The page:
A task force of state lawmakers and health experts called on the Legislature to create a statewide office and a Cabinet-level position focused on equity, and to immediately initiate an equity-focused review of the state’s response to COVID-19 in its final report released Thursday.
The report also urged Governor Charlie Baker to develop an equity-focused approach to investing the state’s nearly $5.3 billion in federal relief funds, encouraging him to funnel the dollars toward populations with the highest infection numbers and lowest vaccination rates.
“The overarching theme of these recommendations is that equity must be the ‘North Star’ for guiding every decision about the response and recovery from the COVID-19 pandemic, and beyond,” read the report.
The task force, which was convened by the Legislature in June 2020 in response to stark racial inequities in the rates of COVID-19 infection and hospitalization, was charged with making recommendations to address such disparities, in addition to those experienced by other underrepresented communities, such as immigrants and people with disabilities.
Its final report, entitled “A Blueprint for Health Equity,” was approved Thursday by 13 of the task force’s 16 members, including Democratic Senators Sonia Chang-Diaz and Julian Cyr, and Democratic Representatives José Tosado, Chynah Tyler, and Carlos González, who chairs the MA Black and Latino Legislative Caucus.
Though health disparities have long plagued communities of color, the pandemic heightened focus on the issue and galvanized work on it. The 99-page report includes 31 recommendations that touch all aspects of health, including oral health and behavioral health, as well as other factors that affect health, such as access to food and housing.
“Everything but the kitchen sink is in the report,” Cyr said.
The report estimates that quality medical care accounts for just 20 percent of health status; the other 80 percent is attributable to social, economic, and environmental factors, “as well as the effects of racism.”
Michael Curry, CEO of the Massachusetts League of Community Health Centers, who co-chaired the task force, said its recommendations offer the state a roadmap to improve health equity.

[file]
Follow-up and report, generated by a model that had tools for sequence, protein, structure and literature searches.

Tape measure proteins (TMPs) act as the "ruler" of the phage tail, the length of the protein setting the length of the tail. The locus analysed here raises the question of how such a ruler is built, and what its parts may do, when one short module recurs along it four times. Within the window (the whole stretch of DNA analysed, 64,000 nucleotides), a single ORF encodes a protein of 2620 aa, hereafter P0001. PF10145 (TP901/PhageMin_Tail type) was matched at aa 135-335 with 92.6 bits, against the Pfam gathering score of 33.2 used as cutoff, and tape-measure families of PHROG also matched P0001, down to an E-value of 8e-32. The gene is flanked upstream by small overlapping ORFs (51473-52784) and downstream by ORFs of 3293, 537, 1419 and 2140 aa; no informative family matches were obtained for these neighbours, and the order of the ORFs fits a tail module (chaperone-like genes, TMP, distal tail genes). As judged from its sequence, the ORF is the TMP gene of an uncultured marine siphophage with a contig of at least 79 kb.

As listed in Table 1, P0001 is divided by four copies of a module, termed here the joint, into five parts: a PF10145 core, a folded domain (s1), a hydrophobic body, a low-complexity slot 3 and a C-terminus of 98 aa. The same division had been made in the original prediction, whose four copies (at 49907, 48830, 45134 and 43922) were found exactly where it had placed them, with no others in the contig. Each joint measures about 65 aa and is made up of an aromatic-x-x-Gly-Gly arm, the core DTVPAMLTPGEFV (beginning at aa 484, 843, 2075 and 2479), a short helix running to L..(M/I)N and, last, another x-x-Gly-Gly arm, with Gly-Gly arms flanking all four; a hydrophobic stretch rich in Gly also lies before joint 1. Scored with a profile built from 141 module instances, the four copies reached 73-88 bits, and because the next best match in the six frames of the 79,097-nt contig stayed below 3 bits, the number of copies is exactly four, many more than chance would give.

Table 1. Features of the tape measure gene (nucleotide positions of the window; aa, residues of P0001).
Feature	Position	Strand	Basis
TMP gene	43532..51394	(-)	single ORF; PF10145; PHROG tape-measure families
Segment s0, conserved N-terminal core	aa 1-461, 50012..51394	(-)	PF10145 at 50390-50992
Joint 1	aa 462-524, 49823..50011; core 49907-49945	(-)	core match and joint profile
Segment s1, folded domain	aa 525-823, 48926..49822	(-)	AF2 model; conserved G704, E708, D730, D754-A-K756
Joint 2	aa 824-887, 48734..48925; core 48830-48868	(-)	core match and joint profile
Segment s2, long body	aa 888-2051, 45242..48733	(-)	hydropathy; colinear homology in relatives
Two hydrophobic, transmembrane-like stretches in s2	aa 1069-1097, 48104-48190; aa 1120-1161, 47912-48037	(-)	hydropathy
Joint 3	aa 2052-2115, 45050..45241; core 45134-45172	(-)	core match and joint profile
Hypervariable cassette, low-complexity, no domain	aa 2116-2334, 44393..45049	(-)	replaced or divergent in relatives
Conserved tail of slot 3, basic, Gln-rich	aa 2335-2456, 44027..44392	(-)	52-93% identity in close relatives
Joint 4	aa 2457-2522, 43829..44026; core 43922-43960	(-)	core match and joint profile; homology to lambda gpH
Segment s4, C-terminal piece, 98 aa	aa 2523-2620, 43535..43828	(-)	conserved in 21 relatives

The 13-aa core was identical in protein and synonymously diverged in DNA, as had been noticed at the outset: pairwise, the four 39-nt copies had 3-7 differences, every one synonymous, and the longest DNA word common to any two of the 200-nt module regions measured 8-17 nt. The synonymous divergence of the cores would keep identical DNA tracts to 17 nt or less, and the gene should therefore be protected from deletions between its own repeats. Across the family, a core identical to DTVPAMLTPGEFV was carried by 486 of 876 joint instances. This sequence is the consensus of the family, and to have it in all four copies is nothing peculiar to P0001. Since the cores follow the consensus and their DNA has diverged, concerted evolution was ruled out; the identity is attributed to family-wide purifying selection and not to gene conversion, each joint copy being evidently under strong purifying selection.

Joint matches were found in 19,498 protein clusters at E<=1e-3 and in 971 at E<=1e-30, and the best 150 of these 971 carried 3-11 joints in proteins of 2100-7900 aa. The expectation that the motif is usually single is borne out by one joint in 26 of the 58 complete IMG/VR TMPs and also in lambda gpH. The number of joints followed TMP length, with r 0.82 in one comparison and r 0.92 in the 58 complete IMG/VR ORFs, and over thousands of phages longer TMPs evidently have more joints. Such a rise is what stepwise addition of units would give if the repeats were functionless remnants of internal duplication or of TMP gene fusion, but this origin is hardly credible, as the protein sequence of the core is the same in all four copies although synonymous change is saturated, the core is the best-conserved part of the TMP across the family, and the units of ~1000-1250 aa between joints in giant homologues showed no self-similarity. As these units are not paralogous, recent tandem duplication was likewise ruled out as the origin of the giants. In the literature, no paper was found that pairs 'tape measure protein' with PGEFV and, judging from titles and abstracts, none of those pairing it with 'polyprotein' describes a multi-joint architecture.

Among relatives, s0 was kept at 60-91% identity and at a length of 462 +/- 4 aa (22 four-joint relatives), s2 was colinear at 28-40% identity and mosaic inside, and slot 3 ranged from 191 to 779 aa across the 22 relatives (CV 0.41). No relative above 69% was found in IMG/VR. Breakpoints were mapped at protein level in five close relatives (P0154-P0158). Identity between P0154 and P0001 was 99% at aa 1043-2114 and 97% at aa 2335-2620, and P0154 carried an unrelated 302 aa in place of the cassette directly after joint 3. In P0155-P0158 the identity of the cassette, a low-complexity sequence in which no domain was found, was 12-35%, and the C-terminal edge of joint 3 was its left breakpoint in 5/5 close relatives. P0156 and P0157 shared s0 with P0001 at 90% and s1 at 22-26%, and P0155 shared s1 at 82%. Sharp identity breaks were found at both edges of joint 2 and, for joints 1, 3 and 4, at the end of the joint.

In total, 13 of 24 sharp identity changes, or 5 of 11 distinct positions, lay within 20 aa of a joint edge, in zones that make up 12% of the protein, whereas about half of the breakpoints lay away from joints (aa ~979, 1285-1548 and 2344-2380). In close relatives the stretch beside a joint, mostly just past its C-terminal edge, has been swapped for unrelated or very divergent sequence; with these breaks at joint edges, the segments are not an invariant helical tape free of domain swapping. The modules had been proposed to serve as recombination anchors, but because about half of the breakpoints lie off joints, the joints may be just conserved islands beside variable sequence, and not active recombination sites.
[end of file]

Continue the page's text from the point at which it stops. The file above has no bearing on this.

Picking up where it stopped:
“They all go back to this overall, overarching theme, which is everyone wants to live healthy, and everyone wants to have access to living their best lives, and they can’t do that unless we solve for some of these systemic issues,” he said.
The report also recommended steps for continued pandemic response, such as heightening vaccine equity efforts; focusing on vulnerable populations, such as essential workers and incarcerated persons; and funding research on the intermediate and long-term effects of COVID-19.
Republican Representative Donald Wong, who chairs the House Asian Caucus, voted against the report, along with aides to the minority leaders of the House and Senate, who are also Republicans.
After the vote, González expressed concern about why Wong chose to vote against it.
“If there’s something that we need to tweak, that may or may not have addressed some issues in the Asian American community, we need to look at that,” González said.
Wong did not say why he voted against the report and said he agrees with “a lot of things” in it.
Dr. Assaad Sayah, the chief executive officer of the Cambridge Health Alliance, who co-chaired the task force, said he was surprised that the vote was not unanimous, stressing that it was based on the testimony of hundreds of stakeholders — including health care workers, patients, and activists from hard-hit communities — at three public hearings.
Chang-Diaz said lawmakers should immediately launch on several recommendations, such as funding the Healthy Incentives Program, taking up eviction protections, and passing the Work & Family Mobility Act, which will allow undocumented immigrants to get driver’s licenses.
“The report is also quite explicit about the need for an after action report on our handling of the pandemic and the need to put in place legislation requiring that straightaway,” said Chang-Diaz, who recently launched a bid for governor.
Dr. Cassandra Pierre, an epidemiologist at Boston Medical Center who was on the task force, said the pandemic has presented an opportunity for systematic change. “We cannot just let things go back to the way they were,” she said.
Several members acknowledged that it will be a challenge to enact all the components of such a comprehensive report.
“This is a solid blueprint, but the devil is in the details and what ends up getting done,” Cyr said. “I think it remains to be seen, is there the political will to do this challenging work?”
Terry MacCormack, a spokesman for Baker, a Republican, noted that his administration recently filed $2.9 billion plan for federal aid dollars that includes equity-related efforts, such as $1 billion for housing initiatives, as well as investments in workforce training, addiction treatment, and local infrastructure.
MacCormack also noted that the Commonwealth’s Vaccine Advisory Committee is in the process of implementing a $30 million vaccine equity initiative, focused on the state’s 20 hardest hit communities.
A spokeswoman for Senate President Karen Spilka, a Democrat, said that she is “currently reviewing” the report, and that the Senate “will be looking to these recommendations to help guide the conversation moving forward, as well as inform any possible future legislative action.”
A spokeswoman for House Speaker Ronald Mariano, also a Democrat, said he has committed to passing legislation this session to address health inequities, and appreciates the task force’s work.
Camille Caldera was a Globe intern in 2022.Follow her on Twitter @camille_caldera.